Dining » Cafe

Market Pub House has brews and burgers in ample supply — does that make it a pub?


Market Pub House in the Delmar Loop is neither a market nor a pub nor a house. "Market" is a nod to the old Market in the Loop, a charmingly hodgepodge mini-mall that over the years was home to Bob's Seafood, Wong's Wok, Big V's Burger Joint and a Racanelli's pizza parlor (among others). In 2008 Racanelli's founder John Racanelli converted the building into Racanelli's Cucina, a sit-down restaurant serving pizza, pasta and sandwiches. Racanelli closed his Cucina in February of this year; three months later, he reopened the space as Market Pub House.

"Pub House" is more difficult to fathom. The phrase is short for public house — but then so is "pub" by itself. I suppose Market Pub House rolls off the tongue more smoothly than Market Pub does. The point is moot, though, because if by "pub" we mean the word's cozy British or Irish connotation, there is nothing publike about Market Pub House, save for the presence of beer. The restaurant is a single large room with a generic dining room on one side and a generic bar on the other. There are a few arcade games in one corner and a flat-screen TV monitor nearly everywhere you turn.

The Market Pub House's website describes the restaurant as featuring "multinational fresh food offerings in a publike atmosphere." To be fair, this isn't entirely disingenuous. The menu includes both potstickers and tacos. The potstickers (gyoza on the menu) are a two-bite snack, lightly seasoned ground pork wrapped in thin dough. Unlike the potstickers at many Chinese or Japanese restaurants, which are pan-fried on one side and then steamed until finished, these are seared so that each side has a crisp texture.

The tacos are more Tex-Mex than Mex-Mex. Your choice of beef, chicken or pork is served atop a spread of melted cheddar cheese inside a soft flour tortilla, along with roasted poblano peppers. These come three to an order, with pico de gallo, sour cream and shredded lettuce on the side. I opted for the beef, which is sliced paper-thin. Even with the cheese and the peppers, the flavor was straightforward. Both the chopped tomato in the pico de gallo and the shredded lettuce were unappealingly pale.

For the most part, the menu follows the standard bar-and-grill template: burgers, sandwiches and a greatest-hits lineup of appetizers (nachos, fried calamari, crab rangoon). The restaurant is proud of the fact that no dish costs more than $7. This is misleading: Sides are à la carte. At lunch you can pair one selection from a list of burgers and sandwiches with a side, for $8. At dinner, though, if you want fries with your burger, you will pay $3 extra. The total price isn't unreasonable, of course. Just misleading.

Of those sides, the sweet-potato fries are a standout: crisp, a touch sweet, a touch salty. The crunchy exterior of the onion rings, however, gives way to an unpleasant mush. For a guilty pleasure, I recommend the nacho macaroni and cheese: elbow noodles in a very creamy, mildly spicy cheese sauce further sparked by jalapeños.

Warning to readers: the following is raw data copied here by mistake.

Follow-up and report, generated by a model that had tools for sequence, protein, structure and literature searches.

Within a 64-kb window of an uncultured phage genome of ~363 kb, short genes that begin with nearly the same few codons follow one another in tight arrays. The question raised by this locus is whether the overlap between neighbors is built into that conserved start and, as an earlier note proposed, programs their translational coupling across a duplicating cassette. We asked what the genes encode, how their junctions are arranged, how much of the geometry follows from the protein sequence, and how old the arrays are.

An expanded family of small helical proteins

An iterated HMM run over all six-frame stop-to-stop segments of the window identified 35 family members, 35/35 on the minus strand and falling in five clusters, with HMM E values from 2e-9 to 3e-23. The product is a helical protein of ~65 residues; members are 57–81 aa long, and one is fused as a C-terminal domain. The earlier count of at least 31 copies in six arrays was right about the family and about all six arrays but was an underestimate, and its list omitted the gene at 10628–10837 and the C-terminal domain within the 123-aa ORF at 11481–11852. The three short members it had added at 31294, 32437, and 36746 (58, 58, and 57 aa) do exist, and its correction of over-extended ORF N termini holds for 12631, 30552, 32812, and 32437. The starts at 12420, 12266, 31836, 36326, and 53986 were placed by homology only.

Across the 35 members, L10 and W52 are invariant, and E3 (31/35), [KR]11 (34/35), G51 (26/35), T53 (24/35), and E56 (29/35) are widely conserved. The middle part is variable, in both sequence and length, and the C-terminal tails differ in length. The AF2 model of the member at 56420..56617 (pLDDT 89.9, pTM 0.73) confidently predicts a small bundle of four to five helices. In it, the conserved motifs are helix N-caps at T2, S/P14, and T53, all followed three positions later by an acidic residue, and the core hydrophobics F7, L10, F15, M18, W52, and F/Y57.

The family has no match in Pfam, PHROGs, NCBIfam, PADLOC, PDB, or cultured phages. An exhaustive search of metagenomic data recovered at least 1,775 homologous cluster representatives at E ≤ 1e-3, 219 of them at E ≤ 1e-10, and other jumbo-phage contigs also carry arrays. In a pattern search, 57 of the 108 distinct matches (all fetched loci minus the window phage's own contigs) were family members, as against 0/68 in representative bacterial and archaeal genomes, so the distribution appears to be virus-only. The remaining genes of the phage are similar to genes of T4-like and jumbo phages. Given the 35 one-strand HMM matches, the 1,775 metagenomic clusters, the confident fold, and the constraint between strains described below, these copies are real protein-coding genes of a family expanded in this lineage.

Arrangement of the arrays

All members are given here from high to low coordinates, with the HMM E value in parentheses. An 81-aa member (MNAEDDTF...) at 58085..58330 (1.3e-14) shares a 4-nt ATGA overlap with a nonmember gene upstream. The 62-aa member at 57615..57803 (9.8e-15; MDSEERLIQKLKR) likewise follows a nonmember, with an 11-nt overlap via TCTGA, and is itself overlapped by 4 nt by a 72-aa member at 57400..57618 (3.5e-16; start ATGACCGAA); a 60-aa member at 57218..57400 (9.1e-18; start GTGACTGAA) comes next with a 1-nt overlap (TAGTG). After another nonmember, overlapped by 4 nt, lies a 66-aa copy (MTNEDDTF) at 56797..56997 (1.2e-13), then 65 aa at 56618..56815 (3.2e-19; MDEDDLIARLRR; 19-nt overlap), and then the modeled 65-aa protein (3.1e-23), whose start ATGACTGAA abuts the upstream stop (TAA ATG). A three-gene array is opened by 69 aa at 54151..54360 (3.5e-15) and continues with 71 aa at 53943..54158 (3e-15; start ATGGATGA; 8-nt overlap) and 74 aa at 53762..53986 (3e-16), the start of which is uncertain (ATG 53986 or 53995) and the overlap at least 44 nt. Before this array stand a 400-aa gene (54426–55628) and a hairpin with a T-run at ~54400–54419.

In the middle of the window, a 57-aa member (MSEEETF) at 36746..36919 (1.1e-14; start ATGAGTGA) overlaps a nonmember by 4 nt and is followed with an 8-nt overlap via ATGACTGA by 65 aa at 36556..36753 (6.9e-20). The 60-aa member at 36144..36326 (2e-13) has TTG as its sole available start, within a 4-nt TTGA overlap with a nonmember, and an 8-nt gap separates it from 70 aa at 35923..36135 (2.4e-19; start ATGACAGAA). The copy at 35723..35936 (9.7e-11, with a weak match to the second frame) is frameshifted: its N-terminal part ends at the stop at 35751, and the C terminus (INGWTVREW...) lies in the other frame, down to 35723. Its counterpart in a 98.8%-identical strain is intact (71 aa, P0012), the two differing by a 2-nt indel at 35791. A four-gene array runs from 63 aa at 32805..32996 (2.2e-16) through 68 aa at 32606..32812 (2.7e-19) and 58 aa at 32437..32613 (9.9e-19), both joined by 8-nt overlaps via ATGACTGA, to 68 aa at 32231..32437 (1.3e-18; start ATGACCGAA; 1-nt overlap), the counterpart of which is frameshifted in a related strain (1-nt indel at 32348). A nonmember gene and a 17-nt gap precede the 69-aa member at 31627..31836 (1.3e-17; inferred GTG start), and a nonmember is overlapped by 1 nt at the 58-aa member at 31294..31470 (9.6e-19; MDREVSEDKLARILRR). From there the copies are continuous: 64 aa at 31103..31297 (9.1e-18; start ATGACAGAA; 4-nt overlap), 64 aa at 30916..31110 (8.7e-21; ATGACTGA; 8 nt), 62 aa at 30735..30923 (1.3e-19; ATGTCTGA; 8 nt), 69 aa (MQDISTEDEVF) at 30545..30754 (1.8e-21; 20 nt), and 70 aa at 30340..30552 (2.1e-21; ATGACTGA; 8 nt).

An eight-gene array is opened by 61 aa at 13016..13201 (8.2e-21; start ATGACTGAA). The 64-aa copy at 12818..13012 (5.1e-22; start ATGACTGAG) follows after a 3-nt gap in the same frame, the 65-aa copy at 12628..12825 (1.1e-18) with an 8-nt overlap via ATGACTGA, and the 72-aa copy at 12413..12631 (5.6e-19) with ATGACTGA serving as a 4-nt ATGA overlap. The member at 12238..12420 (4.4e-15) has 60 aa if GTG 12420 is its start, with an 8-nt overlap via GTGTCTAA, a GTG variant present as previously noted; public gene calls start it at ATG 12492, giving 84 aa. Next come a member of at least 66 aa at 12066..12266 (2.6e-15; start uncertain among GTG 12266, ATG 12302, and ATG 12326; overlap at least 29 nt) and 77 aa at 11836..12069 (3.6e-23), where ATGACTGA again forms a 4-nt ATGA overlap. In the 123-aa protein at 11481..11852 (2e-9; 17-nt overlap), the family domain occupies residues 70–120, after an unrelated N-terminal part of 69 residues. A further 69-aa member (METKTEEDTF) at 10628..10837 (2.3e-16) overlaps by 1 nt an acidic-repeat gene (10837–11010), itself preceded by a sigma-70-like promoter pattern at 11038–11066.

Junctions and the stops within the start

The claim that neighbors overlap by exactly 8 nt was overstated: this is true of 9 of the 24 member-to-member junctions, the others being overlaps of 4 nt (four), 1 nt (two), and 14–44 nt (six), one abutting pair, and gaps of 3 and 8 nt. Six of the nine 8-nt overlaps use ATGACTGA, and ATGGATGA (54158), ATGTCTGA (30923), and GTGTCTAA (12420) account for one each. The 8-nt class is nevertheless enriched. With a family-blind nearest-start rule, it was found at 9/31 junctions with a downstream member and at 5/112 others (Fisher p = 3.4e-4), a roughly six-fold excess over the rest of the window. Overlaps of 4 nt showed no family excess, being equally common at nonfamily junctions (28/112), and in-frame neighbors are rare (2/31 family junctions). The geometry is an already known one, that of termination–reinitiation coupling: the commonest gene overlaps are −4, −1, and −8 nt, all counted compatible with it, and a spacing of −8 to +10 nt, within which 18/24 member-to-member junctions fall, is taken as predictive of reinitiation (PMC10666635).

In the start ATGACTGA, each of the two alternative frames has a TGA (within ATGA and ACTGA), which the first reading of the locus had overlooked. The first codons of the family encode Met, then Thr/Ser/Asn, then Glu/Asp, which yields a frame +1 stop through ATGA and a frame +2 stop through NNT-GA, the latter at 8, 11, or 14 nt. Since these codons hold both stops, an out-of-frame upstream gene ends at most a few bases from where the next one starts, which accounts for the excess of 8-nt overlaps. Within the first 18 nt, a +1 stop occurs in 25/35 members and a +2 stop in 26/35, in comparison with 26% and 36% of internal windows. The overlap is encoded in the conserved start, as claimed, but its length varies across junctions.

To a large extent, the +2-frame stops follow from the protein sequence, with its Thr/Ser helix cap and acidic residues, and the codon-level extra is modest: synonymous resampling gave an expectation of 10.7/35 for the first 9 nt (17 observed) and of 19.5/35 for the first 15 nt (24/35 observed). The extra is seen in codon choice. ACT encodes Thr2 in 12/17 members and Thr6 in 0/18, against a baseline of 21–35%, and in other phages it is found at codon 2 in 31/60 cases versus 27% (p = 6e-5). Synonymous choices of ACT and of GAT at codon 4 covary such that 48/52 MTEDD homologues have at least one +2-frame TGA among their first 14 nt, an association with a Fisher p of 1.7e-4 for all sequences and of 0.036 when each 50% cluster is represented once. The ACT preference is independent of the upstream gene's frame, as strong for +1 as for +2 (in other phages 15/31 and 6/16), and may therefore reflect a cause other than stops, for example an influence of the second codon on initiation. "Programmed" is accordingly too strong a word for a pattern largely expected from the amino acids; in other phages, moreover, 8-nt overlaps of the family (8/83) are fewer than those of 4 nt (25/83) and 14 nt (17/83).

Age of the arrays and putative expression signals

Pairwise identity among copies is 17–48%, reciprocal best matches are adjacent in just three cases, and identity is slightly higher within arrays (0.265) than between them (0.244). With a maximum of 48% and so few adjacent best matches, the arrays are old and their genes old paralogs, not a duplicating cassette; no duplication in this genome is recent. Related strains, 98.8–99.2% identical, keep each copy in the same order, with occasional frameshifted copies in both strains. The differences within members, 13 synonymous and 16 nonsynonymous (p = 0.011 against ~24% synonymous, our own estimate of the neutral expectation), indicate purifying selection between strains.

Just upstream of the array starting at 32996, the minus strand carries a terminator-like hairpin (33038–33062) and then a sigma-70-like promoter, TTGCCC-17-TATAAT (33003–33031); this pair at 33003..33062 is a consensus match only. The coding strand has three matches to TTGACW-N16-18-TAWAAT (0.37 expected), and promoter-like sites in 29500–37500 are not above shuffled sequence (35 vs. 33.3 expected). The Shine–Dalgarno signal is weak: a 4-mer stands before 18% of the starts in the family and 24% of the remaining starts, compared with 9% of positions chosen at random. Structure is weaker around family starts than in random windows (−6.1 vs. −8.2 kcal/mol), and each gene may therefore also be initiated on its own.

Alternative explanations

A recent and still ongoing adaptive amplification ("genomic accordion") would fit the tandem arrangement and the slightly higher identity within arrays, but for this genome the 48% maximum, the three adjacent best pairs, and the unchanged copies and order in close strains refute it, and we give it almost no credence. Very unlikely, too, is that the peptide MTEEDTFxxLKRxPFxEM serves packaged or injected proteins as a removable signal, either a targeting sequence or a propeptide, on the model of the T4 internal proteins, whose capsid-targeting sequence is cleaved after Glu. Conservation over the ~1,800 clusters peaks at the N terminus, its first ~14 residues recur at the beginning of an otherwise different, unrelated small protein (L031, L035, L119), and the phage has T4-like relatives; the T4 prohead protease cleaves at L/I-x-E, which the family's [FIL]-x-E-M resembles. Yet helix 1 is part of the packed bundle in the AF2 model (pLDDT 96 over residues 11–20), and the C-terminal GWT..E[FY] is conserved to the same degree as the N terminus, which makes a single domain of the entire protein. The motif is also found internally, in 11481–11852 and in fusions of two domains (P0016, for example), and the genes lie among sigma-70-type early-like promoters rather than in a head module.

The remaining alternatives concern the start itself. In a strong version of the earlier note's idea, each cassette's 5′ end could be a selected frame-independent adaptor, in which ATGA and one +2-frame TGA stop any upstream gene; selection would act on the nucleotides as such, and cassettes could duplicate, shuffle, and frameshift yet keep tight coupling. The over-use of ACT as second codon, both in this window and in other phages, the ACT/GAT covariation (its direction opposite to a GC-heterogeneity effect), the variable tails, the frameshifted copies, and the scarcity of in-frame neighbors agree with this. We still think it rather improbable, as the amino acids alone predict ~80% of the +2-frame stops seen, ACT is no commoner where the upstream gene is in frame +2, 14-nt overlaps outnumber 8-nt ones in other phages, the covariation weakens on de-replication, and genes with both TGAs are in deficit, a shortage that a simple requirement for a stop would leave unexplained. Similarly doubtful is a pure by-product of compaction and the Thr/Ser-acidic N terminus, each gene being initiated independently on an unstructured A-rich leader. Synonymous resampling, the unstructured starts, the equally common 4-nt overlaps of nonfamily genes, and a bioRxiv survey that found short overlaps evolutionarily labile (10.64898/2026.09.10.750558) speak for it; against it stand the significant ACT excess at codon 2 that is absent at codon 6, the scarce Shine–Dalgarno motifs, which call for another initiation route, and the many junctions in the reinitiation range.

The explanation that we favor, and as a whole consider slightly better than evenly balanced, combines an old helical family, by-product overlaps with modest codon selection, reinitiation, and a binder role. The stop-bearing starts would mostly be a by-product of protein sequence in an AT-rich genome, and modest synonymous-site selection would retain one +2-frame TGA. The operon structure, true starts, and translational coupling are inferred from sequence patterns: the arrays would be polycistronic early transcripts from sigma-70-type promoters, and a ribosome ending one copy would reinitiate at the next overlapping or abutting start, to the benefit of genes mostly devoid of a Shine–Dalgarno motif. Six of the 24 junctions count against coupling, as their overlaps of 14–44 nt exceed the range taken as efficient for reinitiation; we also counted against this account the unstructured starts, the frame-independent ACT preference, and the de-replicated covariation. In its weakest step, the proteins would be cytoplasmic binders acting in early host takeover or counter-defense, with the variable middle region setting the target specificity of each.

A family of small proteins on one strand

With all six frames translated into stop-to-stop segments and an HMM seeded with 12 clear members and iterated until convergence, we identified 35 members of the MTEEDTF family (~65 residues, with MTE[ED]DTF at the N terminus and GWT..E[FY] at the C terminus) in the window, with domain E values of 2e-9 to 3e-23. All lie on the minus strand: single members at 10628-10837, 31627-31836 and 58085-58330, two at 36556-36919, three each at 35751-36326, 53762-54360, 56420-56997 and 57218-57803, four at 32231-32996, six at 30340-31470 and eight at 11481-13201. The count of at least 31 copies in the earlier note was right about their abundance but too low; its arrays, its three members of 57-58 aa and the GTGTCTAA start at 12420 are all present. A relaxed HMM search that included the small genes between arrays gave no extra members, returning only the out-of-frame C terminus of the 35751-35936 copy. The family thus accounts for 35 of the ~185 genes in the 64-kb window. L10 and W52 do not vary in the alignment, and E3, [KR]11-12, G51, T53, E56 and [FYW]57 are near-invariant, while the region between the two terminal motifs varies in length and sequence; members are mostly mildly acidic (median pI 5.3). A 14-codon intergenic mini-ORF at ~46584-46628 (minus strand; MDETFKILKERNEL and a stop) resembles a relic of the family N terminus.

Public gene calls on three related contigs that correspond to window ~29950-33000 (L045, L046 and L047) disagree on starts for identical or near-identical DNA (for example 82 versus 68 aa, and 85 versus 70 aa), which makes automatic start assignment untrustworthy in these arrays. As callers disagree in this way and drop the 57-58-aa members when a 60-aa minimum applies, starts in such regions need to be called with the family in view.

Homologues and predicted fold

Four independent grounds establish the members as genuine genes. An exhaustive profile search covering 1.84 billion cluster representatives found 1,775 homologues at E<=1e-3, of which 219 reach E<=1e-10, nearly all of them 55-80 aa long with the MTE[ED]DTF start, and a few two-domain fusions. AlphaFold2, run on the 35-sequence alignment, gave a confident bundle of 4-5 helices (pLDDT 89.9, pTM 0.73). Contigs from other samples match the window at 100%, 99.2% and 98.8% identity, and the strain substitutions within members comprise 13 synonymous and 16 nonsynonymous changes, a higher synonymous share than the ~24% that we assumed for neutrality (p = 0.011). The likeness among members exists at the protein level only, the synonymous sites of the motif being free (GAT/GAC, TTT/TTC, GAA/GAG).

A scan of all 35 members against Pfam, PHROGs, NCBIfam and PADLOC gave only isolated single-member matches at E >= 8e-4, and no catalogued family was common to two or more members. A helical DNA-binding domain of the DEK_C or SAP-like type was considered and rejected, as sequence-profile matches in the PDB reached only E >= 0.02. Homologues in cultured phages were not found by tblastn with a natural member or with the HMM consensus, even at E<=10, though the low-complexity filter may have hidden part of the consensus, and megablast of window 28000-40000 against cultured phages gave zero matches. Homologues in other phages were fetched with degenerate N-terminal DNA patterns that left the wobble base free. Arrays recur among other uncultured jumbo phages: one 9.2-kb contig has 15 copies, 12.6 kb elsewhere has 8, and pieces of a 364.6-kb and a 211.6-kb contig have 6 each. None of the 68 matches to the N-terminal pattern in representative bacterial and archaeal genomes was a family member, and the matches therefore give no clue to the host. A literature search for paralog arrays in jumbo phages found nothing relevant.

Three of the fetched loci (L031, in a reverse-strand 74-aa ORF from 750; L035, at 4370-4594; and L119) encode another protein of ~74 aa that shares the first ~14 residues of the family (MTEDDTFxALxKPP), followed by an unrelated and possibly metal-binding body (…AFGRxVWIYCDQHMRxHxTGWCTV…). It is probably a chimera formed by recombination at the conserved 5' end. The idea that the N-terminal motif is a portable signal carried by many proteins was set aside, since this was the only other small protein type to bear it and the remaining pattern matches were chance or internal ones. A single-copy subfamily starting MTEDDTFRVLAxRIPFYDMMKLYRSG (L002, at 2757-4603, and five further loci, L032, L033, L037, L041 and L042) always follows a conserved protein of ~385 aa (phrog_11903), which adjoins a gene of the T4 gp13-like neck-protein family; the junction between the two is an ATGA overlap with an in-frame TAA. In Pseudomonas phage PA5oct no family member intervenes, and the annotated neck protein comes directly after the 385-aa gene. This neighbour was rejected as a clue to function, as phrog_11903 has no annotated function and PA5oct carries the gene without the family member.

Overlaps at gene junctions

Market Pub House touts its burgers as a "specialty." These, the menu claims, are hand-formed patties made from ground beef that has never been frozen. An admirable practice, but the results are merely average, the flavor not distinctive, the texture not juicy enough to do much more than satisfy an everyday craving. Besides a basic burger, the wide variety of "Chef's Specialty Burgers" includes the "Smokehouse," a patty topped with cheddar cheese, bacon, a fried onion ring and then slathered in a bland barbecue sauce, more sweet than tangy or spicy. The "Cajun" burger receives a more assertive seasoning and benefits from a sprinkling of chopped green onion. Not once over several visits was the kitchen able to turn out my order at the requested medium temperature, a fundamental flaw for a restaurant that banks on its burgers.

The pulled-pork sandwich brings a generous pile of pig. Its flavor is a decent balance of sweet and smoky, but the meat isn't anywhere near as tender as good (let alone great) barbecue should be. The pastrami sandwich is likewise overstuffed, certainly more meat than two slices of rye bread can contain. The pastrami isn't sliced but chopped or pulled into chunks. This can lead to some tougher bites, but in large part (pun intended!) the meat is good, the sandwich a success.

Chicken wings are available as mild, hot and "stupid hot." I opted for stupidity and was let down. The heat, though definite, was no greater than ordinary hot wings elsewhere and offset by the sauce's strong vinegar tang.

The "stupid hot" designation is symptomatic of the menu's sense of humor. The muffaletta sandwich, for example, is called a "muff." While I'm the last person qualified to judge someone else's bad humor, let's just say certain jokes already feel dated in our meme-a-minute culture. The fried calamari are called "Da Kraken," a reference to a briefly infamous scene in this year's Clash of the Titans remake, while the club sandwich is referred to as (wait for it...) the "Glee" club.

The silly names and generic menu all point toward a restaurant that's trying to compete with the ever-encroaching empire of T.G.I. Friday's, Applebee's and other national chains. In today's economic climate, I can hardly fault such a strategy. As I mentioned when I reviewed Racanelli's Cucina ("Cucina Confidential," Aug. 27, 2009), such appeals to a broader public are becoming increasingly common in the gentrifying Delmar Loop. Yet I can't help but feel a little saddened and bothered by this trend: I write this the same week that Riddle's Penultimate Café & Wine Bar, a Delmar Loop institution and a seminal part of St. Louis restaurant history, has closed its doors.

Market Pub House is neither a market nor a pub nor a house. It is the future of the Delmar Loop, and it is here, now.

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